By using an audio course, you’ll build the foundation you need to become fluent, or at least conversational in the language. It will teach you how to put sentences together, vocabulary, pronunciation and help you learn how to conjugate verbs by internalizing the conjugations through usage as opposed to the monotonous process of wrote memorization.
Without a good learning Spanish audio course you may spend lots of time going in circles with an inefficient learning plan, or even worse, no plan at all, which will make your path to fluency longer and harder, if you get there at all.
I’m going to recommend two courses, both of which you can get from Audible.com for free.
The first one is what I used, Learning Spanish Like Crazy.
It’s a complete Spanish course that has over 30 lessons (about 30-40 mins each) that will teach you everything from the present tense to the subjunctive.
I’m not going to give you a long winded sales pitch, you can click here or on the image to listen to a sample and read the customer reviews for yourself.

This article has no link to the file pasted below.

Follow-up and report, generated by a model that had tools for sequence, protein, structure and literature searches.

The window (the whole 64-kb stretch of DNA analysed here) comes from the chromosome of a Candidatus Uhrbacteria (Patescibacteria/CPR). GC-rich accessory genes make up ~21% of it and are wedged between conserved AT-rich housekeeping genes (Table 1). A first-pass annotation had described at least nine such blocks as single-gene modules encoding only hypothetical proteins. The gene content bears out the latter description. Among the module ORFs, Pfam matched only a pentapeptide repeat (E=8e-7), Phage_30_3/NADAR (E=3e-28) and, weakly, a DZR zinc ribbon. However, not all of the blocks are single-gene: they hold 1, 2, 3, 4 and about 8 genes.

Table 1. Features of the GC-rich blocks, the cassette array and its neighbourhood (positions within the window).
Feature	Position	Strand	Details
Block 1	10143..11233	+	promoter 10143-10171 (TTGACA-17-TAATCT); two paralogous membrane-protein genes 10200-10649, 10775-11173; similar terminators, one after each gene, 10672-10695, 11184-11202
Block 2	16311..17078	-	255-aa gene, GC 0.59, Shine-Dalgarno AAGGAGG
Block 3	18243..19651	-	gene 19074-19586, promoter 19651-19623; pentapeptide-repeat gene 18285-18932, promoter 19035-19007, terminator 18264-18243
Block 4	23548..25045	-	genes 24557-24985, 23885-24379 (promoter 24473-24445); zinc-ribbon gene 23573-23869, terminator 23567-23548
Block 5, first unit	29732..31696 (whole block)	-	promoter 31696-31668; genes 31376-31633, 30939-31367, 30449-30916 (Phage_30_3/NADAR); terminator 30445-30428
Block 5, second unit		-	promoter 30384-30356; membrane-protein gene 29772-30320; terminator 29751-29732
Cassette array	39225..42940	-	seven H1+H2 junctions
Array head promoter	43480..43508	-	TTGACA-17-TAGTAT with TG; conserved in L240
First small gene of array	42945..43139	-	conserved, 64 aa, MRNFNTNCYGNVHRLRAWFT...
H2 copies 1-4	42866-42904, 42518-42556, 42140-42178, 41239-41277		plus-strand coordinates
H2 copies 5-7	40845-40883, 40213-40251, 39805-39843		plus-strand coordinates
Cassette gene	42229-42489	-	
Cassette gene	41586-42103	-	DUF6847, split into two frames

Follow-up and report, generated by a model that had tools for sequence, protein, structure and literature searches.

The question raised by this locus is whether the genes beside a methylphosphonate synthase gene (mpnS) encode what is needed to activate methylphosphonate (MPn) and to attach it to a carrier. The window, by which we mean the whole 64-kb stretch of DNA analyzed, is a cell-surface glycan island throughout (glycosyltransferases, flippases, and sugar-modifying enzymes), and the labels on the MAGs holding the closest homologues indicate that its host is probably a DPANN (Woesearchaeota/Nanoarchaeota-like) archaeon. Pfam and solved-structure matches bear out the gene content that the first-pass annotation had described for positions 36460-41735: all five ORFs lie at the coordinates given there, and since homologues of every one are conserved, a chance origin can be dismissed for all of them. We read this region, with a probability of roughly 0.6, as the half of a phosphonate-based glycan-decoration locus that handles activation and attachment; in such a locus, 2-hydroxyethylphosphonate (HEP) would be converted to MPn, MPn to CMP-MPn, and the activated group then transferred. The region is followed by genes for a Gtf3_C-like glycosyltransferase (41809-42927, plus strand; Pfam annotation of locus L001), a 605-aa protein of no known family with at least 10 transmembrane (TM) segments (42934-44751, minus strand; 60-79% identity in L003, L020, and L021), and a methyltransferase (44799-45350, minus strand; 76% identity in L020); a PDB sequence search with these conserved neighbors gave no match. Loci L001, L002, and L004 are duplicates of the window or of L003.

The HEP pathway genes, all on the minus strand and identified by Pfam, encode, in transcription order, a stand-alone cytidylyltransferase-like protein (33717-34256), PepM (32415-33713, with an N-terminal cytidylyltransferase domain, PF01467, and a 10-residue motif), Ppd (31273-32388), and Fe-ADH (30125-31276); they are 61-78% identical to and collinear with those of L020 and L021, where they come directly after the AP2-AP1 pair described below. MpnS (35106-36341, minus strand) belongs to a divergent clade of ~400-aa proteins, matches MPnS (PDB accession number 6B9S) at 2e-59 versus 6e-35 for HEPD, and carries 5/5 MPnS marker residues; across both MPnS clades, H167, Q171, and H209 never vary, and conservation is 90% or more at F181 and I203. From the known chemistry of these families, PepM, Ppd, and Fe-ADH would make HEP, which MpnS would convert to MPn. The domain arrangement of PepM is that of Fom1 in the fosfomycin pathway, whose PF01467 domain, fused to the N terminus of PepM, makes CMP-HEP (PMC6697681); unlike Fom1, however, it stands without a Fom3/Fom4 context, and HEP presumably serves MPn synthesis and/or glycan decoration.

And if you look closely at the image you’ll notice that you can get this course for free with an Audible trial. Even if you have to pay for it, it’s very reasonable priced. I paid $99 for my copy when this course was first released (and in my opinion it was worth every penny), so it’s current pricing is a steal.
The second learning Spanish audio course I’m going to recommend is Pimsleur Spanish.
This is also a great course. I didn’t use this as extensively as I did Learning Spanish Like Crazy. The only reason I didn’t place more emphasis on this course is because I didn’t hear about it until I was already a few years into my studies and I was past the basics that this covers. However, it is effective.